Dogs love to swim. We even call it the “doggie paddle” when we paw at the water with our arms. But it turns out dogs love to paddle around in boats, too. Canoe fan David Bahnson knew his dogs were sad when he’d row away across the water in his canoe. So he turned the storage holes into seats for the dogs. Now they come rowing with him! These furry friends here are Golden Retrievers, a very loyal breed that happily fetches shoes and newspapers for their owners. They weigh around 60-70 pounds each, plus David is in there — so that boat is carrying a few hundred pounds. And who knows, maybe they snuck a bag of dog food in there, too.
Wee ones: How many passengers are riding the boat?
Little kids: If the dogs could row, and the back dog rows 1st, then David for a while, then the front dog, then the back dog to start over, then David…who rows next? Bonus: How many seaworthy legs do David and his 2 dogs have?
Big kids: If the trio paddles from shore at 1 pm, rows for 40 minutes, and then rows back in the same time, at what time do they reach shore again? Bonus: If they row 42 feet out into the water and then turn around to come straight back, but the dogs jump out halfway back to shore to swim the rest, how far did the dogs travel by boat?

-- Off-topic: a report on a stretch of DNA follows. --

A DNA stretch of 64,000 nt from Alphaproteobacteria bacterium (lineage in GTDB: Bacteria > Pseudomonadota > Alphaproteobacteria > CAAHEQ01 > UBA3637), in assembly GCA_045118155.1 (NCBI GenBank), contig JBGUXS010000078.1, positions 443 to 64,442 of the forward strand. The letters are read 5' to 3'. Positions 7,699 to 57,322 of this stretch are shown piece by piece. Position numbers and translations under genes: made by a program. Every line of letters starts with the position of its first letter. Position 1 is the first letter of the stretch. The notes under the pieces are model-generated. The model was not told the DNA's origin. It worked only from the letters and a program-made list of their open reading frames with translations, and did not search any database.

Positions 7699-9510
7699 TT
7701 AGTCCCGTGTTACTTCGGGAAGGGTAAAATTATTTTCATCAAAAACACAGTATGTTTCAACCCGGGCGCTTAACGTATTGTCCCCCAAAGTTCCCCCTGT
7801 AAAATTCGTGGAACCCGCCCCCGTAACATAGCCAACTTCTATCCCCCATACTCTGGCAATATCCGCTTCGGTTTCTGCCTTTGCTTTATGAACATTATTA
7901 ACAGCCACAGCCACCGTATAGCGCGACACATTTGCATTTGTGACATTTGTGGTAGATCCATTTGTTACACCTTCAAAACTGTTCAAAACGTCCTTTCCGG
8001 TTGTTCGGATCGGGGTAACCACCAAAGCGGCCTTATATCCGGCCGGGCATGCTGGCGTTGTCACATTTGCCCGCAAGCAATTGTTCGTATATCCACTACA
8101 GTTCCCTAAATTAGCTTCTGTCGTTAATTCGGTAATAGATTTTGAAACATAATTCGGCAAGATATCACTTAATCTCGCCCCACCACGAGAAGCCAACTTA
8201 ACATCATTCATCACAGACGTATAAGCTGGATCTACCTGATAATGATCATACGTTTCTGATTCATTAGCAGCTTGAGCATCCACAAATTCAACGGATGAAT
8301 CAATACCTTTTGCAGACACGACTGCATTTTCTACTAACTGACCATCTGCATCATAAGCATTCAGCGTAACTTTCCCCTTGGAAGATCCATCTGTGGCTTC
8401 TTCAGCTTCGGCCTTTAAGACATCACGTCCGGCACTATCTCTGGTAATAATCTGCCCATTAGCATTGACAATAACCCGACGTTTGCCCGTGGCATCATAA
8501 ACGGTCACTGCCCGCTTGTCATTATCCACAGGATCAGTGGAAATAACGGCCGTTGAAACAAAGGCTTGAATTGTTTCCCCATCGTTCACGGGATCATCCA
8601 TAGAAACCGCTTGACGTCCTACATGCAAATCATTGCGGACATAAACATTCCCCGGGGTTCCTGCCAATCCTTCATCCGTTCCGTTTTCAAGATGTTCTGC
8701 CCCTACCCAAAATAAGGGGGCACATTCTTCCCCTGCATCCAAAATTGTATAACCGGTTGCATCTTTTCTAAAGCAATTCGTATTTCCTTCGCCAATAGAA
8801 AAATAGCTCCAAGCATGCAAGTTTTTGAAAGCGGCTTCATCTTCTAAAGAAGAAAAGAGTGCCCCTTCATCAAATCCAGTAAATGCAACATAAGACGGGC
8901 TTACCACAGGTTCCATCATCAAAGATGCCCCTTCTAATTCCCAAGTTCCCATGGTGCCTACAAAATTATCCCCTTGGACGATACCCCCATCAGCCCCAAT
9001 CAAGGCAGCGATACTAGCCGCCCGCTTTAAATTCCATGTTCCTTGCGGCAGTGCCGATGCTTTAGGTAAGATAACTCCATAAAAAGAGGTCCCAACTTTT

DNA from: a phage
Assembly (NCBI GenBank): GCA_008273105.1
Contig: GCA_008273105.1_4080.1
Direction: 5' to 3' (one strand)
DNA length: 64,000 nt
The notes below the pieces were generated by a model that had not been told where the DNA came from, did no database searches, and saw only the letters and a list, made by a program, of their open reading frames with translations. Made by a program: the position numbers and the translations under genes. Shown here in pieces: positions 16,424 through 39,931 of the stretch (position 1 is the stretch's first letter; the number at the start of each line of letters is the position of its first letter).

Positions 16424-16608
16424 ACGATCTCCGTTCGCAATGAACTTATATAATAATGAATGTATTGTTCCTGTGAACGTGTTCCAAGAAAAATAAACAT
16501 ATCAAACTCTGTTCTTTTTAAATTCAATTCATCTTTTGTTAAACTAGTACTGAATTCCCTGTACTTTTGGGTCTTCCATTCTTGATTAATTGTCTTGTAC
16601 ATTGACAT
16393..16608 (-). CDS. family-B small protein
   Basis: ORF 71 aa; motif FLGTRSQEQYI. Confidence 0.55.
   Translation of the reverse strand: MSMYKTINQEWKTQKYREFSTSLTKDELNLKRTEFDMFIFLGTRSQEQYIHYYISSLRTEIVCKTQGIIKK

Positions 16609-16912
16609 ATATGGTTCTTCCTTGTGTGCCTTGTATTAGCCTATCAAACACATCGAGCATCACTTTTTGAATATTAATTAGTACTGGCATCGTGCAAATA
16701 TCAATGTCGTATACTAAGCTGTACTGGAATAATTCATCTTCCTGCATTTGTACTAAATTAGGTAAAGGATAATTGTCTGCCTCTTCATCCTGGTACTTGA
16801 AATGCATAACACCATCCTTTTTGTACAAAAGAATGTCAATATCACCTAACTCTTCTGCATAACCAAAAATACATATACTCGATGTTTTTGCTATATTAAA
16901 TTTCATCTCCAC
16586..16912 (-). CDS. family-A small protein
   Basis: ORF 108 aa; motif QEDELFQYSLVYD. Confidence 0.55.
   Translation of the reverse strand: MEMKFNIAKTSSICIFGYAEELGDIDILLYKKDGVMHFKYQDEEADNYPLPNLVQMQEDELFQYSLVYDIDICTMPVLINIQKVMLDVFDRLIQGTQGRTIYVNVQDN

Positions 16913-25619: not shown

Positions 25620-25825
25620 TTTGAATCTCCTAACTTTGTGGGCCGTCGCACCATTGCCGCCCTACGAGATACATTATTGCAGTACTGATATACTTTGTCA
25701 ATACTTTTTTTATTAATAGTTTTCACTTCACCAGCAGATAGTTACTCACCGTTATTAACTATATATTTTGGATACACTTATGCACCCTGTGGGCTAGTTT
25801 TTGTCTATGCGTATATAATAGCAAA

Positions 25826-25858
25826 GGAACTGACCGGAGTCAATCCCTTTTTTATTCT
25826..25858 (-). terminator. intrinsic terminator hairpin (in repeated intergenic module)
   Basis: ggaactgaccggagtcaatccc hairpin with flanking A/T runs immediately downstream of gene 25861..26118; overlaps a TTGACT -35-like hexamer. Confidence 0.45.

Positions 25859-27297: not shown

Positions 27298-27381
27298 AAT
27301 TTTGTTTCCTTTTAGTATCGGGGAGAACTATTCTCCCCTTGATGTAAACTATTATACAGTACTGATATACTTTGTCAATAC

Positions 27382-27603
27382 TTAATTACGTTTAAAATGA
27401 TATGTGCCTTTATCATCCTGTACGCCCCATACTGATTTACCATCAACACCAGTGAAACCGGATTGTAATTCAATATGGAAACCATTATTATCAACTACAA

The sky’s the limit: If David weighs 200 pounds, and the dog in the back weighs 20 pounds more than the other, and all 3 passengers weigh 320 pounds, how much does each dog weigh?
Wee ones: 3 passengers.
Little kids: The front dog. Bonus: 10 legs.
Big kids: At 2:20 pm, since they take 80 minutes. Bonus: 63 feet, since they ride the first 42 plus another 21 feet.
The sky’s the limit: 50 pounds and 70 pounds. If the total is 320 pounds, the 2 dogs weigh 120 pounds together. That means if the one who weighed 20 pounds more dropped those 20 pounds, they’d weigh 100 together, or 50 pounds each. Then the bigger dog weighs 20 more than that, or 70 pounds.
Laura Bilodeau Overdeck is founder and president of Bedtime Math Foundation. Her goal is to make math as playful for kids as it was for her when she was a child. Her mom had Laura baking before she could walk, and her dad had her using power tools at a very unsafe age, measuring lengths, widths and angles in the process. Armed with this early love of numbers, Laura went on to get a BA in astrophysics from Princeton University, and an MBA from the Wharton School of Business; she continues to star-gaze today. Laura’s other interests include her three lively children, chocolate, extreme vehicles, and Lego Mindstorms.